harvest haibun 24.9.18

Today is the final day of vegetable harvesting I declare to myself. This means I am pivoting into cleanup, clearing old vines and plants, adding manure and straw.

The line I draw is artificial and it will waver.  I have picked all the sweet peppers showing any hint of red and some green ones as well—there are more greens which I could bring in, but I’ll wait as you never know, there might be more generous days of warm sunlight. One winter squash remains–not quite ready–lettuce is growing in the cold frame and those sturdy spinach plants, next to the wizened cucumber vines, will produce until hard frost hits. 

Putting a garden to bed for winter isn’t inspiring in itself…as with many tasks there is a lever.  It is the fall garlic planting that will lift me into the next phase. For this ritual I need to decide how to rotate the crops next spring so as to know where the garlic will be placed.  Then I clear the selected spot, add manure, and let it sit for a few weeks until the special day that I carefully bury cloves into the soil and cover them with a generous layer of straw.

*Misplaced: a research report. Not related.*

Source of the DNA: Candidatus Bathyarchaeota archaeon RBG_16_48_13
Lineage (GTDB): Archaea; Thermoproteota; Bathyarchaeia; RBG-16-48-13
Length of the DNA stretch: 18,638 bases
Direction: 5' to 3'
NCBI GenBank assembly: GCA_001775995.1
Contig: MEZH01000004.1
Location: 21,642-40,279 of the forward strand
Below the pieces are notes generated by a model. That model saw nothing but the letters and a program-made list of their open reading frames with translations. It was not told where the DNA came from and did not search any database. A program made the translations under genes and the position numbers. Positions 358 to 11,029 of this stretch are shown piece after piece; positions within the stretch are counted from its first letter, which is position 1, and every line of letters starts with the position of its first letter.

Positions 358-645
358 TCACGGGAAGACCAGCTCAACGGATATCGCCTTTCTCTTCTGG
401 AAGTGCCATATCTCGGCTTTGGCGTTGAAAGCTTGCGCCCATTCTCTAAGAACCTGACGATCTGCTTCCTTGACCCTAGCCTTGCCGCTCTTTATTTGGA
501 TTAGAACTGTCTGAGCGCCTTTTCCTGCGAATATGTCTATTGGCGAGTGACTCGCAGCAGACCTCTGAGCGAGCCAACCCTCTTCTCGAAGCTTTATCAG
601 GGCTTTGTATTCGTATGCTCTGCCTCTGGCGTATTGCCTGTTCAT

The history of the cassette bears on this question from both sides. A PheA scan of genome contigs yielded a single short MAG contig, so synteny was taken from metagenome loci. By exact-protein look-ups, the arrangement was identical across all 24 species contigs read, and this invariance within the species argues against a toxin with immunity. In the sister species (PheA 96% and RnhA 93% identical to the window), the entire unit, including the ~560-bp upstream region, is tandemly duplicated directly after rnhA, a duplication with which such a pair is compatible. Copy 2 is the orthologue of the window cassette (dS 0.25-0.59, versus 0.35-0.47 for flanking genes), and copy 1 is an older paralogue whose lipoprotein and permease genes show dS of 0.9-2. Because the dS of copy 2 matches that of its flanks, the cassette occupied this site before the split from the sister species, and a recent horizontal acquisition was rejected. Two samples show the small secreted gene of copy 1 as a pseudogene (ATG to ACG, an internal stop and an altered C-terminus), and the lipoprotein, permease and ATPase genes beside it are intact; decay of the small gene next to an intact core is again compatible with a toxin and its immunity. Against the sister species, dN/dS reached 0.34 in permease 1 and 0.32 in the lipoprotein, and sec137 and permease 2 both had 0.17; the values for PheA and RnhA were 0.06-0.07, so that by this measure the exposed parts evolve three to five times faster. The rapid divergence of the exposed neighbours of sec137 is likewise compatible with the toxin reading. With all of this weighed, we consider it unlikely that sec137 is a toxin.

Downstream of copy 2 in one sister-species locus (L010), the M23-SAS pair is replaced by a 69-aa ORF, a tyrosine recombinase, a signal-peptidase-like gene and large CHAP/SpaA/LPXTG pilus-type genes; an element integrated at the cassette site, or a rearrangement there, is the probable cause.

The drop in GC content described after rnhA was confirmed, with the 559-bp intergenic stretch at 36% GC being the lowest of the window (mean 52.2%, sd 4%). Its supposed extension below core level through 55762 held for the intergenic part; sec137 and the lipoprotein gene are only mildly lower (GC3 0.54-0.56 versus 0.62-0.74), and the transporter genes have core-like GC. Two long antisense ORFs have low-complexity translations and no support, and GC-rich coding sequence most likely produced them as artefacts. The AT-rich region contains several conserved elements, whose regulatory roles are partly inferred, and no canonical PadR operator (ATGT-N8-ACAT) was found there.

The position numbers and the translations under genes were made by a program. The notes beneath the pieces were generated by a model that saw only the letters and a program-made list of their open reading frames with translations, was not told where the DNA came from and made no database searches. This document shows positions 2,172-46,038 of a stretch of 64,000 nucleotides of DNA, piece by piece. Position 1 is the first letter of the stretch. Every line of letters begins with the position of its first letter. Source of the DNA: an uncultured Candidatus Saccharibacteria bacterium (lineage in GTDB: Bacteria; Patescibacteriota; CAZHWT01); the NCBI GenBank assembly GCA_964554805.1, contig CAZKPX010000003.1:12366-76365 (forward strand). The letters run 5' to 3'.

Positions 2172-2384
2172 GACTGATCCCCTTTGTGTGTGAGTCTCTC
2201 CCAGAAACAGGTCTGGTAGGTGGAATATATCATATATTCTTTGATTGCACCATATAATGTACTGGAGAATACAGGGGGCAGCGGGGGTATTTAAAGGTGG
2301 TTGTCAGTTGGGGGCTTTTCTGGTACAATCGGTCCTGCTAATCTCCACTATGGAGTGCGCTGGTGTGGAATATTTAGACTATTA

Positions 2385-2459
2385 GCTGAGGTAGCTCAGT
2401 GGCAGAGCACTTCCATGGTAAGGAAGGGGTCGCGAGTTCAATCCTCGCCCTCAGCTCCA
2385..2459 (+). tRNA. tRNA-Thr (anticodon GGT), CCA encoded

Once started, autumn labour is easy in cool air and soft September sun, among rich orange marigolds and burgeoning purple borage.

Bees buzz softly

another bloom on those vines

their work never done

Closeup of new growth on a zucchini plant which is mostly ‘done’.


©️2018 Ontheland

Haikai Challenge #52 Harvest

letting go


small row of onions

selectively harvested

by rodent gourmet

teaching a gardener

the art of letting go


©️2018 Ontheland

For Carpe Diem Summer Retreat 2018 Finding the Way

The onion patch in the photo is larger than the one referred to in the poem…the poem’s patch is a smaller section where I planted extra seedlings…my generosity will face a greater challenge if I have nibblers in the main garden.